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The Texas Department of Workers Compensation experienced a 34% spike in total workers compensation claims in 2020 compared with 2019, with the increase in COVID-19 claims temporarily interrupting the state’s 20-year trend in year-over-year comp claim declines, according to a report released by the department on Wednesday.
Between Jan. 1, 2020, through May 9, 2021, insurers in the state reported more than 48,000 COVID-19 claims and more than 250 fatalities — with insurers accepting nearly half of all claims accompanied by a positive COVID-19 test.
Of the claims filed, nearly half involved first responders and correctional officers, and slightly more than half of the claims were processed by the State of Texas and subdivisions acting as insurers.
The majority of COVID-19 benefits paid out were indemnity, with insurers and employers paying out $24.1 million in indemnity for claims as of March 31, 2021, which included $10.9 million in employer salary continuation, $12.9 million in workers comp income benefits, nearly $245,000 in death benefits and about $120,00 in burial benefits.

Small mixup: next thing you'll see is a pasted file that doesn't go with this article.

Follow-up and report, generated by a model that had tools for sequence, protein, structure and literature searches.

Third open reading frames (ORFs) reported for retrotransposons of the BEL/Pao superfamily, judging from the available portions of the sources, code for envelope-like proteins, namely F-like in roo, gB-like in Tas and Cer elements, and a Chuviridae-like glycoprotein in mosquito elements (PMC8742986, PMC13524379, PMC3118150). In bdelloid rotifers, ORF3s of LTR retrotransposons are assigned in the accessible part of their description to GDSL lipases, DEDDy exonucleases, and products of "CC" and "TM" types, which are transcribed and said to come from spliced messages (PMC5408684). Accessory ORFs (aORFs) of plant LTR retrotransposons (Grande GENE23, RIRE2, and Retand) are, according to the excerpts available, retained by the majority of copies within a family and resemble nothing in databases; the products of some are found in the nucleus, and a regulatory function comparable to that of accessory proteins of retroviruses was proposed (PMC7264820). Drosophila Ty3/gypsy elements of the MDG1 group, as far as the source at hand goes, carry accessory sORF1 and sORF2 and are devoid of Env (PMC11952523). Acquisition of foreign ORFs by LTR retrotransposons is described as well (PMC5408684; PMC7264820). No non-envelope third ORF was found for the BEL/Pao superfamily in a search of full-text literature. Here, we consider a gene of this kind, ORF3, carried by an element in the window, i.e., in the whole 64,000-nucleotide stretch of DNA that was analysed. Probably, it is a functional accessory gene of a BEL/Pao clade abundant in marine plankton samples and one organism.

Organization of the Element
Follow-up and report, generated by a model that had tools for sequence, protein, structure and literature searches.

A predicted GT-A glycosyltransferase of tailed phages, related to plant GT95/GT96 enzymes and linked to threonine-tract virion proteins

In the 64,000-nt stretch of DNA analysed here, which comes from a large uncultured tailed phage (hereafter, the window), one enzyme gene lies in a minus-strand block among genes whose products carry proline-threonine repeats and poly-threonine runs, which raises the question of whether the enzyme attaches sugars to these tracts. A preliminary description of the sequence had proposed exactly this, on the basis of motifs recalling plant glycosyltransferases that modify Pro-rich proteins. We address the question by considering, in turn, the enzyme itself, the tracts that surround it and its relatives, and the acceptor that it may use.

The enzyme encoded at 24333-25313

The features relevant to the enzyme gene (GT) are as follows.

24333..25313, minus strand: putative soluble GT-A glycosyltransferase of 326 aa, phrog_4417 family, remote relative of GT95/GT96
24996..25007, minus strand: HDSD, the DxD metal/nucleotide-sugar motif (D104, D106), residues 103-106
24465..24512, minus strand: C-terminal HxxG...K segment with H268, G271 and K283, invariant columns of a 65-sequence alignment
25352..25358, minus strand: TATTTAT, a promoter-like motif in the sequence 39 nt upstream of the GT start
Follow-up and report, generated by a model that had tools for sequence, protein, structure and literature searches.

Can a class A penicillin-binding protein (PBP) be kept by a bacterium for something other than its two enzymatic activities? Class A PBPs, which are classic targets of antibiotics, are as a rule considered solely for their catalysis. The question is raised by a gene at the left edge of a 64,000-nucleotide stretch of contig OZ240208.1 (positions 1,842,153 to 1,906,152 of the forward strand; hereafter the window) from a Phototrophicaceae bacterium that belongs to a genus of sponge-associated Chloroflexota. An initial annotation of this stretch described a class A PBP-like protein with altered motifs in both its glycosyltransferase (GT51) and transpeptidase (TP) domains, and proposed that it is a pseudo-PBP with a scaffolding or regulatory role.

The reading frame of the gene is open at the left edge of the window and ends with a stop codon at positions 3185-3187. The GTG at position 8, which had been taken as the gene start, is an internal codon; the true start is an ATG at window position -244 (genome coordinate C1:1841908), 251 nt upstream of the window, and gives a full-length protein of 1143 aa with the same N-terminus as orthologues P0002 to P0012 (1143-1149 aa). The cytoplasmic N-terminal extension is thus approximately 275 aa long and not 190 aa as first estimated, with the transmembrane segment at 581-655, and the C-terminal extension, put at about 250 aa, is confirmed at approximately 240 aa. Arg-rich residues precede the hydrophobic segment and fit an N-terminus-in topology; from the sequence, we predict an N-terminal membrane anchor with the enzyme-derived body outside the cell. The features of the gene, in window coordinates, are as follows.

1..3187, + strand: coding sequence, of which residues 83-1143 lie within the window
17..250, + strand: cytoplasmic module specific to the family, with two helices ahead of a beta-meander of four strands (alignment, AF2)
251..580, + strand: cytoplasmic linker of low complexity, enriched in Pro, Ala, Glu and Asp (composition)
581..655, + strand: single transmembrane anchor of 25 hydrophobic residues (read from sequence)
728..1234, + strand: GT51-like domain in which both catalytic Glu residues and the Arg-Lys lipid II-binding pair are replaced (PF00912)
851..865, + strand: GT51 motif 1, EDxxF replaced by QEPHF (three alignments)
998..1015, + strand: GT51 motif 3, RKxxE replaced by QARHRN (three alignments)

In medical claims, insurers and employers paid out $17.3 million in medical costs as of April 22, 2021, with a little more than a quarter paid by commercial insurers.
Insurers and employers have also paid out a small number of claims relating to adverse vaccine reactions, primarily filed by health care workers and first responders. Through May 9, 2021, insurers reported 448 COVID-19 reaction claims, with only about 10% denied so far.
More insurance and workers compensation news on the coronavirus crisis here.
The Texas Senate on Wednesday approved a measure that would enroll new state workers in a cash-balance plan rather that the state’s traditional defined benefit plan, the Texas Tribune reported. Under the measure, which heads to the Texas House, workers hired after Sept. 1, 2022, would be enrolled in the cash balance plan.